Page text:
mon 19/03/2018

Iron Man 2 | reviews, news & interviews

Iron Man 2

Iron Man 2

Superhero sequel is bigger but not better

Iron Man (Robert Downey Jr) feels the power

In a stone-faced analysis of the political and historiographical connotations of action hero films, the Guardian’s Film Blog found Iron Man 2 to be “a throwback to a Cold War sensibility,” as well as “the first post-Bush superhero movie.” However, a reader known as Corrective suggested that, au contraire, “perhaps it’s just something dumb to look at while you munch your popcorn.”

As I munched my popcorn, I saw Iron Man 2 becoming dumb and dumber before my eyes. It presents the grim symptoms of Sequel Bloat, where a successful first outing of a potential franchise is hosed down with even more money and special effects, and in the process blots out everything we liked about the original.

The first Iron Man movie from 2008 was a smart mixture of satire and tongue-in-cheek super-heroism, though it wouldn’t have worked without Robert Downey Jr bringing sardonic wit to the lead role of billionaire arms manufacturer and playboy Tony Stark, aka Iron Man. True, he had veered towards the ranks of the righteous by the end of the flick, but in part two (helmed once again by Jon Favreau) he has morphed into nothing less than the prime defender of the USA and a global force for good, albeit from a free marketeer’s perspective. “I have successfully privatised world peace!” he boasts, surrounded by fawning admirers and lissome dancing girls. Meanwhile, newspaper placards declare that  “Iron Man Stabilises East-West Relations”.

The decision to strip Stark of his dark side means that the irony has leaked out of Iron Man, cruelly depriving him of one of his key weapons. But of course the notion of the hero being a kind of nuclear-powered, heavily weaponised Goldman Sachs hurtling round the planet blowing things up purely to maximise profits is miles beyond the pale of contemporary Hollywood values. If you wanted to venture into that territory you’d have to do it with puppets, like Team America: World Police.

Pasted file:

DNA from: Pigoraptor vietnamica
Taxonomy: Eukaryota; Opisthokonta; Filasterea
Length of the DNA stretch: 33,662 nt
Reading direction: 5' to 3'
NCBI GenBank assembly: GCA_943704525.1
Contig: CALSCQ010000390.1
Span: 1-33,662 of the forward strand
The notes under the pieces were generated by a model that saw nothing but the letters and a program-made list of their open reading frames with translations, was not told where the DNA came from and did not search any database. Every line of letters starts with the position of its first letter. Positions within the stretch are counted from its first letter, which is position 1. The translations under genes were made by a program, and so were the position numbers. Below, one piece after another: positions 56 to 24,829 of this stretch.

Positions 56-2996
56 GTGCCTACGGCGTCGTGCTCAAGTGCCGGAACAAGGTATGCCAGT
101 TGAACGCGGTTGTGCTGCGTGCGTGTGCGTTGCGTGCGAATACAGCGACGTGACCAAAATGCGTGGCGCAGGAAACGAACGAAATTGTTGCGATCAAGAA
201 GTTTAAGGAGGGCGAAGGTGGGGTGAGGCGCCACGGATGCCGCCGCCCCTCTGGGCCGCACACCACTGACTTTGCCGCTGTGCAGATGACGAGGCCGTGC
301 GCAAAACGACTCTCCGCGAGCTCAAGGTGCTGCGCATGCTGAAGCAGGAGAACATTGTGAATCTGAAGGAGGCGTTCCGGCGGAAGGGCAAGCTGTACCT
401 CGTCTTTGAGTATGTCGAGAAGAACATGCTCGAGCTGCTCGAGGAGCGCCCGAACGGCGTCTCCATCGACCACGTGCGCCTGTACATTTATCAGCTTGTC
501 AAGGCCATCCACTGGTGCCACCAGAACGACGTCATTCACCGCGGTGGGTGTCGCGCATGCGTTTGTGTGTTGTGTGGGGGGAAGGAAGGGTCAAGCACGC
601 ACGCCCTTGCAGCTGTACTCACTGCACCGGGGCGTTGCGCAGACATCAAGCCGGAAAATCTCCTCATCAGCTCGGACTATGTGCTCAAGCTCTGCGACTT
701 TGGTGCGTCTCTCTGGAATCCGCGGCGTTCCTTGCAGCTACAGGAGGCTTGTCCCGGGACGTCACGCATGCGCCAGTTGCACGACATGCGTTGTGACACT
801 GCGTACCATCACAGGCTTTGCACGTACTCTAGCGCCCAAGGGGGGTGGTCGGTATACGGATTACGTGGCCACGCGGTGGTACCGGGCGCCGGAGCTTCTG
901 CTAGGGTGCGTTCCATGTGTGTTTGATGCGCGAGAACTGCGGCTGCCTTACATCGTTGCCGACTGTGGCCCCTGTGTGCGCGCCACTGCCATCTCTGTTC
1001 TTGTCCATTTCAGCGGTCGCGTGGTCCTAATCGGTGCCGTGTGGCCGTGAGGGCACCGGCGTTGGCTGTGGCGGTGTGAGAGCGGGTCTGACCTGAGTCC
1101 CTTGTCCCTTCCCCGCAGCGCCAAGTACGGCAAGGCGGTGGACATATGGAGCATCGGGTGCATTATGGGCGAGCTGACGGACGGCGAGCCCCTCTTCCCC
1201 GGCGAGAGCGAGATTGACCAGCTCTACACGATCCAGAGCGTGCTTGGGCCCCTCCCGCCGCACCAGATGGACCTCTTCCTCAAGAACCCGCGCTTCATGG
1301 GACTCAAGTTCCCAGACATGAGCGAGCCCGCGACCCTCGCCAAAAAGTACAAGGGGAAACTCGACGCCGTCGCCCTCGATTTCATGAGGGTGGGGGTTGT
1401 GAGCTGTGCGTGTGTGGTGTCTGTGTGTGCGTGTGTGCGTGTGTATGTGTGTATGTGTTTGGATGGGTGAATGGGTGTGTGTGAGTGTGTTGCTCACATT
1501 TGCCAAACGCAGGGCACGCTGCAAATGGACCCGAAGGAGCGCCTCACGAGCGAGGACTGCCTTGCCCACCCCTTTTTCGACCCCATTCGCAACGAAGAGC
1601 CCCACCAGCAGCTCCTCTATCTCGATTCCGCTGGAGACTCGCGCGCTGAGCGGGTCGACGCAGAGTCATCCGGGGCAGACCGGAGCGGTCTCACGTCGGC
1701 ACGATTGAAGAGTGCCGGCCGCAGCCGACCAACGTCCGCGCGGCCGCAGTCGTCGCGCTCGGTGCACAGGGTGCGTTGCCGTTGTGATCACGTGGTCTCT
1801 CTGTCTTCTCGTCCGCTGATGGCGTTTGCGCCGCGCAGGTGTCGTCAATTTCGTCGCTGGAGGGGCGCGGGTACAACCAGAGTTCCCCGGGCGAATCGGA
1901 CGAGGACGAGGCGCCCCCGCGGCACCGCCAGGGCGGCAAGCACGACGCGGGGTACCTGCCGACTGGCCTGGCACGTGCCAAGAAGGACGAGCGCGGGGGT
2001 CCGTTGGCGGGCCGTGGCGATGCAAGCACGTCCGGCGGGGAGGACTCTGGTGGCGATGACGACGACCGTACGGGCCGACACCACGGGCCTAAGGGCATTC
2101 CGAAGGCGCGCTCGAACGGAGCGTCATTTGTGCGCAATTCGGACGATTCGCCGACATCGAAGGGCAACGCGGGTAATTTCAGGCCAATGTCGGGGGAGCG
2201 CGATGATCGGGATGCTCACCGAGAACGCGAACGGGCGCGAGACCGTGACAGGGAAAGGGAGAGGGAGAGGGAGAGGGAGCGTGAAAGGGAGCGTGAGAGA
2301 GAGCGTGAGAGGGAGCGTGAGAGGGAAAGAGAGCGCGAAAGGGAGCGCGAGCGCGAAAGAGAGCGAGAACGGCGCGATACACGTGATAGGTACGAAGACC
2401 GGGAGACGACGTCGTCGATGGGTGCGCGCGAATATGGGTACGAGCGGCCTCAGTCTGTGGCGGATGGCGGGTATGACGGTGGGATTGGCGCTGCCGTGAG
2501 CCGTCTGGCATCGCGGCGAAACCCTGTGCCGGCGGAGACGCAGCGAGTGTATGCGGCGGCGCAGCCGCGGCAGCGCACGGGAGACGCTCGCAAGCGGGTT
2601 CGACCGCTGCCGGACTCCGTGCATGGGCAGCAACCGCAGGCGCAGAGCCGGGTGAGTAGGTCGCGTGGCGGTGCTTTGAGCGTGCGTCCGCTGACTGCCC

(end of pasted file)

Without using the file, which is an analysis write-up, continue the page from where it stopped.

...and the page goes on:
scarlett_smallThere are a few jokes at the expense of the USA’s military-industrial establishment. Slimy Senator Stern (Garry Shandling) wants to prise the secrets of Stark’s revolutionary Iron Man suit from him, supposedly in the national interest but in fact to divvy up the spoils with Washington’s tame arms manufacturer Justin Hammer (a pleasingly corrupt and incompetent Sam Rockwell). Hammer’s perpetual but futile struggle for commercial supremacy over the bombastic Stark is one of the movie’s running gags, and leads to him teaming up with the film’s villain Ivan Vanko (a monstrous Mickey Rourke, wearing steel teeth), who has developed his own version of a superhero suit. Vanko isn’t interested in any kind of partnership with Hammer, of course, and his robotic rampage sets up the flick’s flashy, effects-intensive but strangely soporific climactic battle.

The film is big, brash and confusing, but its central flaw is easily identified. It has settled for spectacle and CGI over the crisp characterisation and crackling script of its predecessor, and planting Stark squarely in the good guys' half destroys the Jekyll and Hyde tension of the original. The ongoing saga of how the atomic battery implanted in his chest is slowly killing him makes drying paint seem quite interesting.

Exasperatingly, Favreau has assembled a cast which could have done justice to a better-written piece. Samuel L Jackson is given only a sawn-off walk-on as some kind of high-echelon spook, while Scarlett Johansson's undercover agent (pictured above) is sensationally curvaceous but, script-wise, brain dead. Gwyneth Paltrow reprises her role as Stark's Moneypenny, Pepper Potts, but all that fad dieting and yoga seems to have left the poor girl's head quite empty of anything else. But there is an upside. Not only does AC/DC's mighty "Highway to Hell" play over the closing credits, butthe film has spawned a very fine AC/DC compilation album.

Watch Iron Man 2 trailer

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